Ever since Fuji introduced the FinePix F10, the company's double-digit-named F-series has been all about low noise at higher ISOs. Over the years, though, Fuji has developed the line into the very compact, classy-looking FinePix F50fd under review here. The F50fd sports a 12-megapixel Super CCD imaging sensor, 3x optical 35-to-105mm f/2.8-5.1 zoom lens, and 2.7-inch 230,000-pixel LCD. Its sensitivity reaches up to ISO 1,600 at full resolution, though the camera offers ISO 3,200 at a reduced resolution of 6MP and ISO 6,400 at 3MP. Better than that, the F50fd includes manual exposure controls, including both aperture- and shutter-priority.
While the old F10 had a somewhat bland, blocky shape, the F50fd has a gentle curve along the top toward its right side and the back is black plastic, which is nicer when viewing the pictures you've shot than the brighter silver that some cameras have. The plastic parts of the body definitely help keep the camera from being too heavy, but the plastic on top bent inward a bit when I pressed the power button. I don't think it's a serious issue, but I was a little extra careful to keep the camera in a case when I wasn't using it. If you use a tripod with the F50fd, be sure not to overtighten it, since you may strip the plastic tripod socket.
Fuji separates its menus into the F-mode menu, which lets you adjust ISO, pixel count, and color modes, and the main menu, where you can get to metering (Fuji calls it "photometry"), white balance, AF mode, and drive mode, as well as the setup menu. It's also the place where you can choose between aperture and shutter priority when you set the mode dial to A/S. Strangely, the camera doesn't have a full manual mode, though Fuji does include exposure compensation if you want to tweak the camera's meter a little. While last year's F40fd didn't have serious image stabilization, Fuji has added mechanical, sensor-shift image stabilization to complement the camera's digital, ISO-boosting stabilization.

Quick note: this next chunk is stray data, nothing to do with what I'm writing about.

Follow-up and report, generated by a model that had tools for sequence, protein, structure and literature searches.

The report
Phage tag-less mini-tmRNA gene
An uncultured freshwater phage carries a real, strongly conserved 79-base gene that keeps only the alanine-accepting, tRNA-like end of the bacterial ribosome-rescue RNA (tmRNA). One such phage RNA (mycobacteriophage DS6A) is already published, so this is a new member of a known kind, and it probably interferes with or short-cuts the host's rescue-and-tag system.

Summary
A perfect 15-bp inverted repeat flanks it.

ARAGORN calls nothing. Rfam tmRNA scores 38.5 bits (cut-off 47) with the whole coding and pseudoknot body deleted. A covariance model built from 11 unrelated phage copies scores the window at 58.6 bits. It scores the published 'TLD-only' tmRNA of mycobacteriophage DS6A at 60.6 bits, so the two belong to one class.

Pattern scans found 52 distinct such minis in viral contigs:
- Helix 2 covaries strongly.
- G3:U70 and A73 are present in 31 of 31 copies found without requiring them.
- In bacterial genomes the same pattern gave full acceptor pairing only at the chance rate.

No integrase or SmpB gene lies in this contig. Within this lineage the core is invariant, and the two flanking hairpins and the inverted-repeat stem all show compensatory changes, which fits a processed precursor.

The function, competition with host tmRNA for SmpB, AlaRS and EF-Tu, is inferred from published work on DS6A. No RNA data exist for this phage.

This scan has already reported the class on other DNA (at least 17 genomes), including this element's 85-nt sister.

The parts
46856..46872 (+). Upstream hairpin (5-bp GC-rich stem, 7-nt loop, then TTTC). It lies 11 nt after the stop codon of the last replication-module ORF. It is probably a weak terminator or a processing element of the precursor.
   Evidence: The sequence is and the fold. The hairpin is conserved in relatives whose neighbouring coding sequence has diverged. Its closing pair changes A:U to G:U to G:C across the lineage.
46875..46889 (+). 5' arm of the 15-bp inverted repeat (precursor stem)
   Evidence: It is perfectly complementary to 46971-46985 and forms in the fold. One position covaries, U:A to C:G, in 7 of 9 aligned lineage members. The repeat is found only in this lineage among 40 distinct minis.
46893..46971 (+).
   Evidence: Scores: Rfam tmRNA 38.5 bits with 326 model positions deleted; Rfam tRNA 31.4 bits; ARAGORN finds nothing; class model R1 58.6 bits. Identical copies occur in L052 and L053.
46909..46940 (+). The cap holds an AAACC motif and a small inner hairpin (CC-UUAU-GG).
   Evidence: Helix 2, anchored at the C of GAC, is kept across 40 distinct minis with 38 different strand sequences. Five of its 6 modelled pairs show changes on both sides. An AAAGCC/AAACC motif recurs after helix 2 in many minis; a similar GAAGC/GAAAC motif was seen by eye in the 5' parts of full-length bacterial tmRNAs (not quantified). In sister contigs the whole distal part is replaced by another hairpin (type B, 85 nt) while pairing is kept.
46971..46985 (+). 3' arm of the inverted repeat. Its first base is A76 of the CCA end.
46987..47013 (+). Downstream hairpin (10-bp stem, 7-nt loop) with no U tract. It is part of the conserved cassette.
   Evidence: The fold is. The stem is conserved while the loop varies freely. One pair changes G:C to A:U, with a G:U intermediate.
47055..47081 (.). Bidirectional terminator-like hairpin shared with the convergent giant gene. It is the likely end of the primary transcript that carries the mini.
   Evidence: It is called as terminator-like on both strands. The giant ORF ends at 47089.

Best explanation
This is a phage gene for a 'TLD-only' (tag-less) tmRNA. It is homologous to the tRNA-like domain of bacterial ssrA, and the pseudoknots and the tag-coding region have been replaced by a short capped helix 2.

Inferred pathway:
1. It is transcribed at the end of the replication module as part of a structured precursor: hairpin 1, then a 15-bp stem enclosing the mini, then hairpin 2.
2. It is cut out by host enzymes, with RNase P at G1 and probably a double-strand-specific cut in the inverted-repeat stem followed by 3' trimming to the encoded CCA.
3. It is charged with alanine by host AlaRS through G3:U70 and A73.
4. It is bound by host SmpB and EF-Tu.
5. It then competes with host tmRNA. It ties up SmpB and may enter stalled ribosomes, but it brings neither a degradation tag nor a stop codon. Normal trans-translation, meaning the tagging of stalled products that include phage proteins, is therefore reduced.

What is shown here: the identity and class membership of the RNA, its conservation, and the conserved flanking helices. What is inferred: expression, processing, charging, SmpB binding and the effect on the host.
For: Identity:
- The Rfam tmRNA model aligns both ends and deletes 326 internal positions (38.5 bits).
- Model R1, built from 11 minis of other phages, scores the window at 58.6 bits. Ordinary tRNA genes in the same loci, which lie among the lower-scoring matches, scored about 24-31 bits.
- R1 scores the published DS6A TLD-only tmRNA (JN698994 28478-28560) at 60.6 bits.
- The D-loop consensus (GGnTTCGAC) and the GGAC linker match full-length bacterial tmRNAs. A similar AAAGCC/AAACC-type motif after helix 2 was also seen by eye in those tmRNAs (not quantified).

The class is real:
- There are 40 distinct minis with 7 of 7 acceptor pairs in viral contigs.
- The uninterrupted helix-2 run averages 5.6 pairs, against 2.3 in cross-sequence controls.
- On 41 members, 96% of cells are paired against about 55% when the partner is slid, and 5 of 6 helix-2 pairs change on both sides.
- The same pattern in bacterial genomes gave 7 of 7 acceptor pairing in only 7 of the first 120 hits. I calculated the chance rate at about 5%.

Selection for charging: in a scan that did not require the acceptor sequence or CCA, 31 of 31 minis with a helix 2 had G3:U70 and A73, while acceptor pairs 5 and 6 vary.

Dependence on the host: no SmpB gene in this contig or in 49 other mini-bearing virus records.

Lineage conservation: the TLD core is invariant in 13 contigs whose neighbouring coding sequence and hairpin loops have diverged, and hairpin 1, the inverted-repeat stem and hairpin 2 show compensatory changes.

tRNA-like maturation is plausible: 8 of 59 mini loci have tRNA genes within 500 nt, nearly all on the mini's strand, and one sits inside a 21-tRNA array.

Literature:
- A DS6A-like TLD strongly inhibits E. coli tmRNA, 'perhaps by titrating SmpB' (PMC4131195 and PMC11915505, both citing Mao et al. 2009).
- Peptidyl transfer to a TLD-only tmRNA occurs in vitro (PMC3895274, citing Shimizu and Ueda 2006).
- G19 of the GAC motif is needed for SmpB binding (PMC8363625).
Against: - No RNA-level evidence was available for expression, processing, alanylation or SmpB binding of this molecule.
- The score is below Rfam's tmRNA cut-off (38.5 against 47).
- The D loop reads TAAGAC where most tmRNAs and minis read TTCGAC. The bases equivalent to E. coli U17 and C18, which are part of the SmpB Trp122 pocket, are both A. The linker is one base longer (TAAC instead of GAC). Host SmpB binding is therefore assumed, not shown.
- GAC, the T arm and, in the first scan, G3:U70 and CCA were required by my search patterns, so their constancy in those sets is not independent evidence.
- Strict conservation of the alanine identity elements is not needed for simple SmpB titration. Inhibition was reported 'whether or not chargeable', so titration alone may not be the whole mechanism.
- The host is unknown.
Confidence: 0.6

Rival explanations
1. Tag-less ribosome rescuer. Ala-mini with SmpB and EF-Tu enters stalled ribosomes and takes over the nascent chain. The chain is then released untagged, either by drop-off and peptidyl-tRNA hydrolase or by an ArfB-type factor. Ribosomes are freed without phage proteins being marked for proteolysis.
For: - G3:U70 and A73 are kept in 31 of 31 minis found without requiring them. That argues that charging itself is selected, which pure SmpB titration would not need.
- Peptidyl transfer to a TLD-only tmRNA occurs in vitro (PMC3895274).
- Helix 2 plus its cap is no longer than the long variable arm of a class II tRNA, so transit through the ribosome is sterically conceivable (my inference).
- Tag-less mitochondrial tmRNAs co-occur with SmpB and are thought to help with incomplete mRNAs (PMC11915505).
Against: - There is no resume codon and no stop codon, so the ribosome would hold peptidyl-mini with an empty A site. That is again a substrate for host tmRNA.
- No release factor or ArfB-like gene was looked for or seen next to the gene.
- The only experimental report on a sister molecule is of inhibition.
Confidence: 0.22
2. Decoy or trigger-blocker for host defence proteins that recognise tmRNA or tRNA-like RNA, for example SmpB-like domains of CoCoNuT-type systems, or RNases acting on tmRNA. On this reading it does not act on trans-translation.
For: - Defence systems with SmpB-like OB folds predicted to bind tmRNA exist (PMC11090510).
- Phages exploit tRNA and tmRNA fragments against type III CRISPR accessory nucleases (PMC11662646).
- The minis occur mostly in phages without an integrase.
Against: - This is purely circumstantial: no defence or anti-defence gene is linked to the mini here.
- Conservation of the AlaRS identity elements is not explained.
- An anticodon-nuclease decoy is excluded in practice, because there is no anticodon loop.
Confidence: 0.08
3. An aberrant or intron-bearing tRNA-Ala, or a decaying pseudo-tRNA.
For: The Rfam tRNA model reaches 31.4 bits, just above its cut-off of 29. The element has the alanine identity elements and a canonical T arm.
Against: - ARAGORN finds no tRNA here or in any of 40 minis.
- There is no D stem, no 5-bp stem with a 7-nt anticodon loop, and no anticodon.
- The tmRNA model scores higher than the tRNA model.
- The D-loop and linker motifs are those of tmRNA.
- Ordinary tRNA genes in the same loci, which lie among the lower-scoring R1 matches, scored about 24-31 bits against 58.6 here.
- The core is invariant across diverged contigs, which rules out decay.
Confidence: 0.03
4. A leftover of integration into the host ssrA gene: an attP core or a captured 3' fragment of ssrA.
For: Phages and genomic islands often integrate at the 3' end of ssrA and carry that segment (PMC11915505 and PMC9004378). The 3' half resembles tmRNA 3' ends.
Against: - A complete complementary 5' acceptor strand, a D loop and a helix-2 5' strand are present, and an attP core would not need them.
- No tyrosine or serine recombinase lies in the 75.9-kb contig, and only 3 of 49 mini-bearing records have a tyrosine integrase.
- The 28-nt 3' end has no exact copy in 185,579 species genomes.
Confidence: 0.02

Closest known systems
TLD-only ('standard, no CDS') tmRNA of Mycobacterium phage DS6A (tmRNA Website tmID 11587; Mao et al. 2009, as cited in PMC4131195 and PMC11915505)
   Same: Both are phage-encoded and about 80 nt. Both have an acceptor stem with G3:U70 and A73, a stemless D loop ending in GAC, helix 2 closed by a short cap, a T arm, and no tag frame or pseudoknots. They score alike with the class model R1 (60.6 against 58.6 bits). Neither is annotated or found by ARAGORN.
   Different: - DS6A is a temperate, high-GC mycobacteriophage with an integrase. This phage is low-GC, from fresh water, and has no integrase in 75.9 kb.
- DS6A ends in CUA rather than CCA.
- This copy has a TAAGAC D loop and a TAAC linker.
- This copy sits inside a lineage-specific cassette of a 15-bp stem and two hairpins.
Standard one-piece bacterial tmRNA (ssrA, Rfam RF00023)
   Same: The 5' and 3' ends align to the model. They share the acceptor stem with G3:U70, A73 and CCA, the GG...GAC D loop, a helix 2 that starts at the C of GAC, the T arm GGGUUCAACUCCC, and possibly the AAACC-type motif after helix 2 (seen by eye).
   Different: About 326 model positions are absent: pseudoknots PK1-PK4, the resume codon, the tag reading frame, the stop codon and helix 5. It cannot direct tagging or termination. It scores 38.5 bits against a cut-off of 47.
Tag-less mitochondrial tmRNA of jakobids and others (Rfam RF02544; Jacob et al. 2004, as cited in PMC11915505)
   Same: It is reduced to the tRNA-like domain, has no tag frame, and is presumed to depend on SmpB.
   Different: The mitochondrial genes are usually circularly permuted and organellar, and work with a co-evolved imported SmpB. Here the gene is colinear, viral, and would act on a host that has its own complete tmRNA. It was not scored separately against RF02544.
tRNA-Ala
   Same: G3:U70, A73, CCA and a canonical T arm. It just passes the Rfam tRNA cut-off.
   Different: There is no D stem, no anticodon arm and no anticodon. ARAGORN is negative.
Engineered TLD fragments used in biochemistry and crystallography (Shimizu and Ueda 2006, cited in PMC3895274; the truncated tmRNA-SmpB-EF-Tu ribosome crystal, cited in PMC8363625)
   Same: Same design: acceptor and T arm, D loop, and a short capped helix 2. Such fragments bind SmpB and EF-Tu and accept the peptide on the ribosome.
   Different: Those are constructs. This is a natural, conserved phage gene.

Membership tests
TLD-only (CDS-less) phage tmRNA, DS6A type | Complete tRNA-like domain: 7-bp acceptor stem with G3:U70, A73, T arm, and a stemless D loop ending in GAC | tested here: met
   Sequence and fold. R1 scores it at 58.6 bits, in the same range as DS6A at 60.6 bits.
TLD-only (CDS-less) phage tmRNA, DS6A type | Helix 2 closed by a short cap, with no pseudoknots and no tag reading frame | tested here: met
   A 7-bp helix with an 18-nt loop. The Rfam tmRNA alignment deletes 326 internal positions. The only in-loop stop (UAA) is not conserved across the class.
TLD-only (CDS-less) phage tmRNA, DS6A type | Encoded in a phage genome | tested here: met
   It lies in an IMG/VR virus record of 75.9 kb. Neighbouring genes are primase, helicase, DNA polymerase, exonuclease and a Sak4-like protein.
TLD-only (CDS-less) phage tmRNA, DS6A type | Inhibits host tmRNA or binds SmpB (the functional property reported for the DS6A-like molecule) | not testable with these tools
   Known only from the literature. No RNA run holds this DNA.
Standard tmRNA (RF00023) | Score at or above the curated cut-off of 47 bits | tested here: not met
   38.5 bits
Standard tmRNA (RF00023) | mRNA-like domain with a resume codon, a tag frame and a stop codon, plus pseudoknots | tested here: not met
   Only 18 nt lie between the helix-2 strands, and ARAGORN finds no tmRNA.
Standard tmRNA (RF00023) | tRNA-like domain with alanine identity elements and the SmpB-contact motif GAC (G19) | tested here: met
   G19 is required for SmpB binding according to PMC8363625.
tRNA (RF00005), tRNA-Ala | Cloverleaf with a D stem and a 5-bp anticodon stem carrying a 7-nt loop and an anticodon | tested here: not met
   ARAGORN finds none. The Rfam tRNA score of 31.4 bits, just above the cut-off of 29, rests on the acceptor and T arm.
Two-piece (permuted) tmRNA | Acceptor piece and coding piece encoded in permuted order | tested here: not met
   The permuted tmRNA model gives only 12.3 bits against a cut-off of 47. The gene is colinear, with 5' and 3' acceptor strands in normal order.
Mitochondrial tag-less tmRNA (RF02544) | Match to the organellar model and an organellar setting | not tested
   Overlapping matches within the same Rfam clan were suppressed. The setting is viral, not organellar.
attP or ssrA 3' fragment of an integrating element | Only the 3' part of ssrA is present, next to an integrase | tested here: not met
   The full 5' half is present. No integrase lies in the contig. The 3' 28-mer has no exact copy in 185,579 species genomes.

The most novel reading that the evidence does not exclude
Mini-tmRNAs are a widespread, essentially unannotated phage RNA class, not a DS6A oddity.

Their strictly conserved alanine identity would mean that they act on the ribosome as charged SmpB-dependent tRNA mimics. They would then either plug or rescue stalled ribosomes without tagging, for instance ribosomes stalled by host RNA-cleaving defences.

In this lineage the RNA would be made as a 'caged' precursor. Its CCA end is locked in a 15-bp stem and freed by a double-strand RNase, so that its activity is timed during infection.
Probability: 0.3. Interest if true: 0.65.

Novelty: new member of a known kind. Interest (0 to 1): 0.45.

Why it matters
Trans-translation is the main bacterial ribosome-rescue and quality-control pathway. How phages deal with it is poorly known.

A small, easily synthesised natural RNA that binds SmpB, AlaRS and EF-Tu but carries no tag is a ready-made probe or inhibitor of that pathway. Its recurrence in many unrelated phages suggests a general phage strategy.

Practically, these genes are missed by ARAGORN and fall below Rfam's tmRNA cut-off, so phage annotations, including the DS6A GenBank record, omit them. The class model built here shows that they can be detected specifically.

The camera also includes face detection, which can see a face in a scene and use it to set exposure and focus, so the camera won't get confused and focus on something in the background instead of your friends or family. Fuji has updated its face detection this year, and though most cameras need to find two eyes to detect a face, Fuji's new Face Detection 2.0 can find a face even when it's in full profile, just as advertised. Fuji's system is also quite responsive, noticing a face in the frame very quickly, as long as face detection is enabled.
In CNET Labs' performance tests, the FinePix F50fd took longer than we'd like between shots, but was otherwise good. The camera took 1.8 seconds to start up and capture its first JPEG. Subsequent JPEGs took 2.9 seconds between shots with the flash turned off and 3.1 seconds with the flash turned on. That's a long time, especially compared to cameras such as Canon's PowerShot SD1000 and Sony's Cyber-shot DSC-T20 checking in with shot-to-shot times of half that or less. The F50fd's shutter lag measured an impressive 0.5 second in our high-contrast test and 0.9 second in our low-contrast test, which mimic bright and dim shooting conditions, respectively. In our continuous shooting test, which we conducted in the Top Three burst modes, we were able to capture an average of 3 frames per second regardless of image size.
While Fuji is able to keep noise very much under control up to ISO 400, with very little loss of detail, I saw some noise even at the camera's lowest sensitivity setting of ISO 100. At those lower ISOs, noise manifests as a minor dusting of off-color speckles and is greatly minimized when you make prints. At ISO 800 I saw a slight loss of both fine and shadow detail, but not much, and noise increases noticeably when viewed on a monitor. At ISO 1,600, noise increases greatly, taking away most fine and shadow detail, though you still should be able to get an acceptable print at small sizes. While we don't run our lab tests on ISO settings that reduce the camera's pixel count, in my field tests the ISO 3,200 and 6,400 modes did manage to keep the noise from getting significantly worse than it was at ISO 1,600 and even at 3MP you should be able to make a 4x6-inch print, so it could be a useful feature for low light snapshots. Still, I'd try to stay below ISO 1,600 whenever possible when using the F50fd.